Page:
...throughout most of history the number of such democracies has been small. According to political scientist Michael Doyle, there were only 13 liberal democracies prior to 1900, and just 29 between 1900 and 1945--and many of those did not endure.
...proponents of this idea argue that a war between democracies has never occurred. One arrives at this comforting conclusion chiefly by setting up the rules to exclude all the non-conforming cases. The most egregious omission is civil wars, which account for a high percentage of the world's violent conflicts--159 of 575 wars between 1816 and 1980, by one count.
The U.S. and Britain fought in the War of 1812; Britain at the time had a parliament and a prime minister. So did imperial Germany prior to World War I.
 
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That's just a poll of random Arabs. This doesn't give us any information about the terrorists, their leaders, and the dictatorships that support them.

In terms of my comments about democratic republics: sure its true that there have been wars between democracies, but its rare. Civil wars are far more common under a dictatorship. While democracies go to war with dictatorships, they tend to ally with each other.
 

Simon W. Moon

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Connecticutter said:
That's just a poll of random Arabs. This doesn't give us any information about the terrorists, their leaders, and the dictatorships that support them.
It gives us information about the pool of potential recruits.

Connecticutter said:
In terms of my comments about democratic republics: sure its true that there have been wars between democracies, but its rare.
Liberal democracies have been rare. There's not much a pool of data to draw your conclusions from.
 

Connecticutter

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Simon W. Moon said:
It gives us information about the pool of potential recruits.

The pool of potential recruits gets a lot smaller in a free and open society. It would be harder to recruit someone who has had a taste of freedom, even if they diagree with US policy.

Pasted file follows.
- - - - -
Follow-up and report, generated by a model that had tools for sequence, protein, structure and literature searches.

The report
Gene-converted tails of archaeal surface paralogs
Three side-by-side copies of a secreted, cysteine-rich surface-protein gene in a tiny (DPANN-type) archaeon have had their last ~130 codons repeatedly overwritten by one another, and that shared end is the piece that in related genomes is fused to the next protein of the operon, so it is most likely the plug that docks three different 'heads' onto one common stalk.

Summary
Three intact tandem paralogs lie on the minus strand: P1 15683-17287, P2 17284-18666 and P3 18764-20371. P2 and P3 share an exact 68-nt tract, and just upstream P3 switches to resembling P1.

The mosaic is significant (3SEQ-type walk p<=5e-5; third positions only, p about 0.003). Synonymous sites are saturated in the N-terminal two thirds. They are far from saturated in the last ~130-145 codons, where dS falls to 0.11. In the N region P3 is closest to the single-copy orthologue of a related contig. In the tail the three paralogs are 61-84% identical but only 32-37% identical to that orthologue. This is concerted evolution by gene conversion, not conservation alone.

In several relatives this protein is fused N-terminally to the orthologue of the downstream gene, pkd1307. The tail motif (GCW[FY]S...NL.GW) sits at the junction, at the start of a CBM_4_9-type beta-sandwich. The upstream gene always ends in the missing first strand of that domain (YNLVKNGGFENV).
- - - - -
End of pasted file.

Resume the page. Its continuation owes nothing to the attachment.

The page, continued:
Simon W. Moon said:
Liberal democracies have been rare. There's not much a pool of data to draw your conclusions from.

The great liberal democracies of our day don't go to war with each other. The American people would never support a war with another democratic republic. Transparency, free speech, and trade lessen the likelyhood of such a thing. But if you think the pool of data is too small, I guess there's no way to convince you. This is a little off topic anyway, so I'm just going to drop it. Could be an entire discussion on its own.
 

Simon W. Moon

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Connecticutter said:
The pool of potential recruits gets a lot smaller in a free and open society. It would be harder to recruit someone who has had a taste of freedom, even if they diagree with US policy.
Since you're advocating staking lives on this proposition, what evidence do you have to back it up?
 

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Simon W. Moon said:
Since you're advocating staking lives on this proposition, what evidence do you have to back it up?

Look at our previous discussion. All that I'm trying to argue is that we're not losing to Bin Laden and his terrorist network. Sure, Bin Laden himself is probably hiding in some country where it would be politically difficult for us to get him, but his day will come. Meanwhile, his network is being decimated and the Arab world is being opened up to democratic ideals which includes social mobility and the free flow of information.

Despite this, you say that Bin Laden is winning because it is becoming easier for him to recruit terrorists. You base this on a hypothesis in a pentagon document. Before 9/11, Bin Laden was able to recruit all of the terrorists he needed. Today there are still people willing to turn to terrorism, but its harder for them to communicate with each other. More people in the region have access to a vareity of viewpoints. Etc.

Your argument, based on the pentagon conjecture alone, doesn't convine me.
 

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Simon W. Moon said:
• Muslims do not “hate our freedom,” but rather, they hate our policies.



I agree .
The policy of not letting them slaughter Israel is really getting their collective dead goats.


Darn those pesky interfering infidels err Westerners.
 

stsburns

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The reason I posted this thread it to make one point. Have we not learned from our past mistakes.